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Review: The John Steel Singers @ Jive


Review: The John Steel Singers @ Jive

Kate Sansome

On Friday night, The John Steel Singers bid farewell to Adelaide after announcing that their current tour - in celebration of their latest album Midnight At The Plutonium, would be their final shows ever. The Brisbane group were joined at Jive by Adelaide’s psych-rock group, Chiara La Woo and Melbourne’s indie pop-rock artist, Alex Lahey.

Opening the night was local lads, Chiara La Woo who delivered a bright set filled with laid back reggae vibes, swirling synths and funky, deep bass lines. Next up was Alex Lahey, who has risen to fame this year after her huge hit single You Dont Think You Like People Like Me got major air play on Triple J and earnt her a spot on the Splendour In The Grass line up. Lahey introduced each of her songs with a bit of insight into the meaning behind the songs, and each track was filled with relatable anecdotes about being in your twenties with all the ups and downs of relationships, exes and trying to look after yourself.  L-L-L-Leave Me Alone was the perfect track for those with exes who don’t seem to get it that it’s over, and her unreleased track Perth Traumatic Stress Disorder was about the time Lahey got dumped in Perth.

Her entire set was extremely enjoyable and captivating, with the crowd absolutely cheering on for her latest singles, Ivy League, Let's Go Out and You Don't Think You Like People Like Me.

Whilst it might have been the first time many of the crowd were seeing Lahey, there was a sense of sadness in the room as it began to sink in that it would be last time we would be seeing The John Steel Singers live.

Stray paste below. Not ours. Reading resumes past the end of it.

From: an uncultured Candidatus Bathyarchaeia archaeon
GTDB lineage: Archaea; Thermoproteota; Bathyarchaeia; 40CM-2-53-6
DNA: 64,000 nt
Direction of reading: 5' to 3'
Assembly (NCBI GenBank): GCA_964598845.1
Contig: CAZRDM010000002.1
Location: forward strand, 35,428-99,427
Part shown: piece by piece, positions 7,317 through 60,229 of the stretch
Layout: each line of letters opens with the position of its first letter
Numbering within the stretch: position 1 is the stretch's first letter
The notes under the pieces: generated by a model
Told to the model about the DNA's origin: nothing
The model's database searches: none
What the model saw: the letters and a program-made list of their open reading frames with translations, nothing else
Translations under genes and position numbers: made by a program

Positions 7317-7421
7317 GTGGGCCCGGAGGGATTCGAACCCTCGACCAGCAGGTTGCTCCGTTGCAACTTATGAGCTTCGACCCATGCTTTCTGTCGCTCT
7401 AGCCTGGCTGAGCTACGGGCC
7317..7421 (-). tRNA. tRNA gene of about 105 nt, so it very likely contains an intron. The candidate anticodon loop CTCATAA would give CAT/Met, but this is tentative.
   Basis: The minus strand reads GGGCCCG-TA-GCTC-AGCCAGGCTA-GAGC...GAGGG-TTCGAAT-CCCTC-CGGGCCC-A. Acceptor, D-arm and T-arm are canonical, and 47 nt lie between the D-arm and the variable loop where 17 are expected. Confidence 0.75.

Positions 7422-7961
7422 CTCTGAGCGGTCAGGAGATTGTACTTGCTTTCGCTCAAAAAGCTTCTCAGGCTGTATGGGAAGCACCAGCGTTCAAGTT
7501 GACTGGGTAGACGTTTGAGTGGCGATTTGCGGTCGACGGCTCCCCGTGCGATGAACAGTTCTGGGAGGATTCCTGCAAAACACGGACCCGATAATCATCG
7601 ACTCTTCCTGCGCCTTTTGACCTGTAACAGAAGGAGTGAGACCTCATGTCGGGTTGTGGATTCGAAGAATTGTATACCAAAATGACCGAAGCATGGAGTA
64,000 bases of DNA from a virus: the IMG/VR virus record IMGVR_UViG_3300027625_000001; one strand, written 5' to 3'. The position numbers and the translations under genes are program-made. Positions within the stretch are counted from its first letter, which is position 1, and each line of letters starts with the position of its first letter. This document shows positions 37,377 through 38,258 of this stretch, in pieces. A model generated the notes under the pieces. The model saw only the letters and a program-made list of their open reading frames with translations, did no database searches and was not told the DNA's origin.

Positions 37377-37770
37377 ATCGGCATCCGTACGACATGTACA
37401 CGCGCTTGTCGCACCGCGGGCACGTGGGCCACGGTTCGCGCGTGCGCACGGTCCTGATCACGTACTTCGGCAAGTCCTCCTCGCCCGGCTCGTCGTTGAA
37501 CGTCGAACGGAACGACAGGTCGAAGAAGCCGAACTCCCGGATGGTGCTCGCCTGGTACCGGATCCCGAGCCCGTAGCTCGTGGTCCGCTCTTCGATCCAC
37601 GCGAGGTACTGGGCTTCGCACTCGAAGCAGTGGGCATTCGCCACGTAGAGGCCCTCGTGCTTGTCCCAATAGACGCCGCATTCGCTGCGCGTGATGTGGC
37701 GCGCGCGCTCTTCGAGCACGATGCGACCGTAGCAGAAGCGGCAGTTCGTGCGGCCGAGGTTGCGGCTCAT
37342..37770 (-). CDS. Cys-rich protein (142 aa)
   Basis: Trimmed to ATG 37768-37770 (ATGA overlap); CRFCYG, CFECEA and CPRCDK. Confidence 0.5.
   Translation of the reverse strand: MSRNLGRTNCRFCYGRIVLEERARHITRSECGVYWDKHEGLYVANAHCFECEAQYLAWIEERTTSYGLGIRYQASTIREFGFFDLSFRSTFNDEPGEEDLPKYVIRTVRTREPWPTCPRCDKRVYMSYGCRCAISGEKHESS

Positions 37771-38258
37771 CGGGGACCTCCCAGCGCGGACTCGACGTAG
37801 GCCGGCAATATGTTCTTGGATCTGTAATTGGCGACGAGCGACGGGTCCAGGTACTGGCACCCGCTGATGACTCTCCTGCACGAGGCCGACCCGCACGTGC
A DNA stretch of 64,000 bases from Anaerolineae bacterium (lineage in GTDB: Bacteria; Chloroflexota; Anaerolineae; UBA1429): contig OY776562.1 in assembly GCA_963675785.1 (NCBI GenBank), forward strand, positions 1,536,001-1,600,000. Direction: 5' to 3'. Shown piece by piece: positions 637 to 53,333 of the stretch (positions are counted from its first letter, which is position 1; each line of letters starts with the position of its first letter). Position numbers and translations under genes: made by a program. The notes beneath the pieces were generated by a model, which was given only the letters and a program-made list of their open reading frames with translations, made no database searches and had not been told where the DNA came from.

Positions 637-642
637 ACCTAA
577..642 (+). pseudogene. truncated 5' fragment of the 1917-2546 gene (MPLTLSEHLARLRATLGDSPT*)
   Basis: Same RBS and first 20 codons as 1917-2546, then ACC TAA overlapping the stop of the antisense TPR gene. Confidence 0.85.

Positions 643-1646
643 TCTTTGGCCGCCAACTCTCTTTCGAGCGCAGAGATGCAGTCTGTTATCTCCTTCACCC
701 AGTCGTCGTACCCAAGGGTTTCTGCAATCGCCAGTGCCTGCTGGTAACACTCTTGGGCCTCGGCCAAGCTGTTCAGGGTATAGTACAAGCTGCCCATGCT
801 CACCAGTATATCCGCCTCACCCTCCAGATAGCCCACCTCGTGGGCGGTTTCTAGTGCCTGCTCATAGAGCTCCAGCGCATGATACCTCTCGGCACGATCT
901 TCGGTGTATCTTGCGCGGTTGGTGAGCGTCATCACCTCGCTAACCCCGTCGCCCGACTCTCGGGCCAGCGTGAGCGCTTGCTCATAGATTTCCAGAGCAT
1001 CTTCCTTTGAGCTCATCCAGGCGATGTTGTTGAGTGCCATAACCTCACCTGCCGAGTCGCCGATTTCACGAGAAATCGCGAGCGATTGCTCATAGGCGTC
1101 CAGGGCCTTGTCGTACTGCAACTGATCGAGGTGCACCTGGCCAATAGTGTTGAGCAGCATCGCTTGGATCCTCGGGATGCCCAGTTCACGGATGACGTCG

Their set was filled with good vibes that included groovy guitars, airy vocals, a saxophone, trombone, chimes and falsetto harmonies. They played a bunch of tracks from their latest album, Midnight At The Plutonium, including the title track Weekend Lover and Can You Feel The Future.  

Although many were definitely delighted to hear some old favourites such as Overpass, Rainbow Kraut and Masochist. It was hard to imagine that it was the group's final show, especially with how refined and developed their most recent album was, personally it felt like the group were only getting better with age.

The John Steel Singers insisted that they were not on bad terms with each other and still enjoyed performing together, it was just time to move onto bigger and better things.  All in all, it was a spectacular show, filled with so much love and nostalgia, as the crowd said goodbye to beloved Brisbane band, The John Steel Singers.

All images via Ben Neale